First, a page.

Nursing Graduates Pen Book
Senior nursing students step outside the typical hospital clinical environment for their community health course – often working with the most underserved people of the St. Louis region. This year, graduating students wrote a book chronicling their diverse experiences titled, “Our Walk … Our Community … Our Impact.”
“The book really shows the array of things nurses do,” student Jenny Pancer said. “It’s very humbling to see how such simple things make such a big difference.” Pancer co-authored the book with 36 fellow senior nursing students. An official book signing for family, friends and faculty took place on campus last May, following the annual nursing pinning ceremony. Calling themselves The Lillian Wald Writers, named for the 19th century public health nursing pioneer, each author selected a journal entry from their clinical that best exemplified their experience.
Rachel Chaney, who recently accepted a position with Family Focus at St. John’s Mercy Medical Center, wrote about her work with Nurses for Newborns. “It was a wonderful experience,” she said. “I’m not usually a writer, but once I put my pen to paper it came out. The work was so different than any clinical I’ve ever done.”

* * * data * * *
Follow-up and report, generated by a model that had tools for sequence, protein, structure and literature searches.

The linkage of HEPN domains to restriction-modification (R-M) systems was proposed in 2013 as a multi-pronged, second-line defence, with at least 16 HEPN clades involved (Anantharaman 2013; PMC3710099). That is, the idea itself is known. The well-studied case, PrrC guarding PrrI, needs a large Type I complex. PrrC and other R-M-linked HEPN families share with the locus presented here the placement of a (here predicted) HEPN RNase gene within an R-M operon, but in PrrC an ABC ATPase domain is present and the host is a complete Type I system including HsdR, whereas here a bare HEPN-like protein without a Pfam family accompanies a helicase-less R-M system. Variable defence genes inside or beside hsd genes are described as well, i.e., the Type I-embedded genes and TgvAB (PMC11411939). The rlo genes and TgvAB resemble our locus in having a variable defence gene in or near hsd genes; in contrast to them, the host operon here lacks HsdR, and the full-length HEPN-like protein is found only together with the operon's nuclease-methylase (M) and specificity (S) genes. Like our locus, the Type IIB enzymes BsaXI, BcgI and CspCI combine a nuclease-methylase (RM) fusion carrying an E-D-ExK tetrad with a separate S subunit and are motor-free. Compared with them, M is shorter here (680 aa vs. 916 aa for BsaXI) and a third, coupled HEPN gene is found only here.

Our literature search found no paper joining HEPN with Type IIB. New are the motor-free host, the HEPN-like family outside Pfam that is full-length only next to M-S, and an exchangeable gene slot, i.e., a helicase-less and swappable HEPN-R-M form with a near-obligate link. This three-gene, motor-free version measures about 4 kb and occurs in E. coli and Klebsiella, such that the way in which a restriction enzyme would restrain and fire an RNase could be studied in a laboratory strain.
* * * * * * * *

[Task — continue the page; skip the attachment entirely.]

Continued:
Mary Curtis, Community Health professor, said the idea for a book came from the campus initiative “Maryville Reads, One book, One community.” The book focused on underprivileged teenagers and how writing changed their lives. Curtis said their insights helped to inform her students’ clinical experiences as they worked with vulnerable populations. As students shared their nursing intervention stories with classmates, Curtis recognized the impact such a book might have for the authors and others who might read it. “The book is a great opportunity to share our experience with the community,” student Nicole Otey said. Otey’s clinical involved worked with East St. Louis Home Health Care.
Emily Martin, who worked with students in a middle school in Wentzville, MO, said the diversity of each clinical inspired her. “Each person has such a different experience,” she said. As an added bonus, said Stephanie Schellert, the book is a fond memento. “It’s quite an accomplishment, and it’s also a great memory to keep of your experience in nursing school,” she said.